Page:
A regulatory snafu can't be fixed while there's no government, but the regulations still remain in force
In a single act, a regulatory agency in Minnesota has made national headlines, shown the absurdity of the state's alcohol regulations, and helped demonstrate why many citizens harbor antagonism toward bureaucrats. It all began when the MillerCoors company, purveyor of mass market beers aplenty, overpaid the state when registering its products. Apparently, brewers owe a $30 fee per brand sold in the state every three years, and MillerCoors miscalculated in the state's favor. Normally, that wouldn't be a problem. But these aren't normal times:
By the time the state notified MillerCoors of the error, and the company had resubmitted the registration and signed a new check with the proper amount, Minnesota's government had been shut. The state employees who could have approved the registrations were at home, possibly drinking beer, as they had been laid off since the state could not legally pay them.
Minnesota, however, did not lay off alcohol enforcement officials who have instructed MillerCoors to devise a plan to get their cases of Coors, Blue Moon and other brands off the shelves in supermarkets and liquor stores. "I would suspect within days to see that product leave the shelves," Doug Neville, a spokesman for the Department of Public Safety, told the Minnesota Star-Tribune.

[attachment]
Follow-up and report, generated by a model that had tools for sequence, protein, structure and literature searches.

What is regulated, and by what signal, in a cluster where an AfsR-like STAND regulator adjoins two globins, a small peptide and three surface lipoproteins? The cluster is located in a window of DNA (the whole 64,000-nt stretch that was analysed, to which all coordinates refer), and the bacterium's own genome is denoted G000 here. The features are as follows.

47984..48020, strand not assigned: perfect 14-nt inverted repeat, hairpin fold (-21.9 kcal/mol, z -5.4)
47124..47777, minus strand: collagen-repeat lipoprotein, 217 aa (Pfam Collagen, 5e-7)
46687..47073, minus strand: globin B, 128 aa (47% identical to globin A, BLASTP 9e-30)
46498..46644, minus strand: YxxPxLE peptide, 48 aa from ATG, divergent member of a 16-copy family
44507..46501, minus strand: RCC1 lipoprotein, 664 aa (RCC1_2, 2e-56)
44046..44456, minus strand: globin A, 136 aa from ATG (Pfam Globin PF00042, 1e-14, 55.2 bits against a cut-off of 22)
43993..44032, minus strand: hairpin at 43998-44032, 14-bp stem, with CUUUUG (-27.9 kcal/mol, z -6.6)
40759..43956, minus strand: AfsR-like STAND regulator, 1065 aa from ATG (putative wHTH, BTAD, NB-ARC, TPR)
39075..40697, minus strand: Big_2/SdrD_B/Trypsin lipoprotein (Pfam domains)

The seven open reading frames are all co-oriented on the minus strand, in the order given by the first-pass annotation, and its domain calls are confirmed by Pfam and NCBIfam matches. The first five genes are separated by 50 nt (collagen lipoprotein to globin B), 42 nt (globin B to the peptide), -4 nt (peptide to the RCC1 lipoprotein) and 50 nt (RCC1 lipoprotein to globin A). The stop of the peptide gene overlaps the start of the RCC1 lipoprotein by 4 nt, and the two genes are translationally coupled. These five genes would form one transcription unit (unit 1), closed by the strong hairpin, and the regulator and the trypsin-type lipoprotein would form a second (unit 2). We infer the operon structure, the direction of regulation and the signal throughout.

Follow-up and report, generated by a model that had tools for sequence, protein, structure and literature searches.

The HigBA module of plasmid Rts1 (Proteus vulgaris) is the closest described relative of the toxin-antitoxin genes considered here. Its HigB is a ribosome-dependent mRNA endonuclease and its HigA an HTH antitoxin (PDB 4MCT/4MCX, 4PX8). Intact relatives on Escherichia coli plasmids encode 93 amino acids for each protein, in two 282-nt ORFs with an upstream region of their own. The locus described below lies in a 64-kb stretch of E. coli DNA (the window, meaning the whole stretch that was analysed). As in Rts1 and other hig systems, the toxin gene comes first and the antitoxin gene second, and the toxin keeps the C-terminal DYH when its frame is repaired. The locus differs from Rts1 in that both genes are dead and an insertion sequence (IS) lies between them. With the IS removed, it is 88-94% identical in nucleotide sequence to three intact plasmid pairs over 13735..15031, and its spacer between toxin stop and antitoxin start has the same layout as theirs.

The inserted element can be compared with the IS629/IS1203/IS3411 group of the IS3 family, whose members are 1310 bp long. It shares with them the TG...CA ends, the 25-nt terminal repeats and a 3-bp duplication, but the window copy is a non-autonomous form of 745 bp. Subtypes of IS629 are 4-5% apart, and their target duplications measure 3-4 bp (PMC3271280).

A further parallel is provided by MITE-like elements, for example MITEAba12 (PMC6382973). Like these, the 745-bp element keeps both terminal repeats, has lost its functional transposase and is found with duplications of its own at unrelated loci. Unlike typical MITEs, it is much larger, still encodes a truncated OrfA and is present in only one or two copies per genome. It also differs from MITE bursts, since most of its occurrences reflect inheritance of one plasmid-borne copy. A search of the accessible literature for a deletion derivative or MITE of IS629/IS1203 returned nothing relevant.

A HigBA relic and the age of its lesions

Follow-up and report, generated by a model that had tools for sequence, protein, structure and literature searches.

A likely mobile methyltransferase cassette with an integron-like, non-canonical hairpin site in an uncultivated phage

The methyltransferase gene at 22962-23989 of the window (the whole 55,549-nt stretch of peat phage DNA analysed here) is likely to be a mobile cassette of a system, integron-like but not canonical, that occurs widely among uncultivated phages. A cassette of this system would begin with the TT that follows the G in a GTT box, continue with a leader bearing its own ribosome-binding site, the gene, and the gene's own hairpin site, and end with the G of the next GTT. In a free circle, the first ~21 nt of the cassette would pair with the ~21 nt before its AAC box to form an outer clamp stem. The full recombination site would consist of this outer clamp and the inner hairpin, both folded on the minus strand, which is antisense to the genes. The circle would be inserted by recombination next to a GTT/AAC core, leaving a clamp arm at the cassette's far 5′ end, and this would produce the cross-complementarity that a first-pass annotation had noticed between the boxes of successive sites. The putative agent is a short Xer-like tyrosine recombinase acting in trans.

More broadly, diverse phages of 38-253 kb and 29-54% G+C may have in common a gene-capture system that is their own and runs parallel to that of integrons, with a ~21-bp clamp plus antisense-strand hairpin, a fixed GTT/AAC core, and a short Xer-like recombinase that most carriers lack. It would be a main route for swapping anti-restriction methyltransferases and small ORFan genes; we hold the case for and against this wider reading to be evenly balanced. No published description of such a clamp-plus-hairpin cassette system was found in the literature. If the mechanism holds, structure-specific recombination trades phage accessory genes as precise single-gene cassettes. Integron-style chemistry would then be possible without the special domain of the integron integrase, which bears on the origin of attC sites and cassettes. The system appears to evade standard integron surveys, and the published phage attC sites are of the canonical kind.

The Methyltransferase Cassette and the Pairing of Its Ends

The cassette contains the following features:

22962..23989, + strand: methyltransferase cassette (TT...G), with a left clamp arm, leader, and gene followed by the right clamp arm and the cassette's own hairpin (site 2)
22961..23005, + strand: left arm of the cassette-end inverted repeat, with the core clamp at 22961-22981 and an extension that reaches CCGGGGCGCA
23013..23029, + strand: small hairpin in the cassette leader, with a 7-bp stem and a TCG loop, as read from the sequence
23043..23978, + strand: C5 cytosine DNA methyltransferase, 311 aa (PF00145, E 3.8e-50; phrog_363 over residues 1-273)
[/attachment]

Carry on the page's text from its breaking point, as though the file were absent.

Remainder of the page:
Restaurant and bars are allowed to serve up their remaining inventories but those types of retailers need a "buyer's card" in order to purloin spirits from wholesalers. Unfortunately, buyer's cards for 424 buyers are set to expire Aug. 1. The result could lead to a booze shortage.
Minnesota Gov. Mark Dayton today offered a deal to end the government shutdown. If taken up, all this may be avoided.
Three brief thoughts:
1) What sort of idiotic protocol results in cancelling an application when the brewery seeking it accidentally pays too much? Just refund the balance! Shouldn't the onerousness of regulations be minimized?
2) The single good thing about this situation: it highlights the absurdity of Minnesota alcohol laws. There is no compelling reason to force a brewery to pay a registration fee every three years so that every brand it offers can be re-approved for sale. Nor is there a need to require a special card to buy booze from wholesalers. The state is asserting itself in this market in ways that offer no public benefit.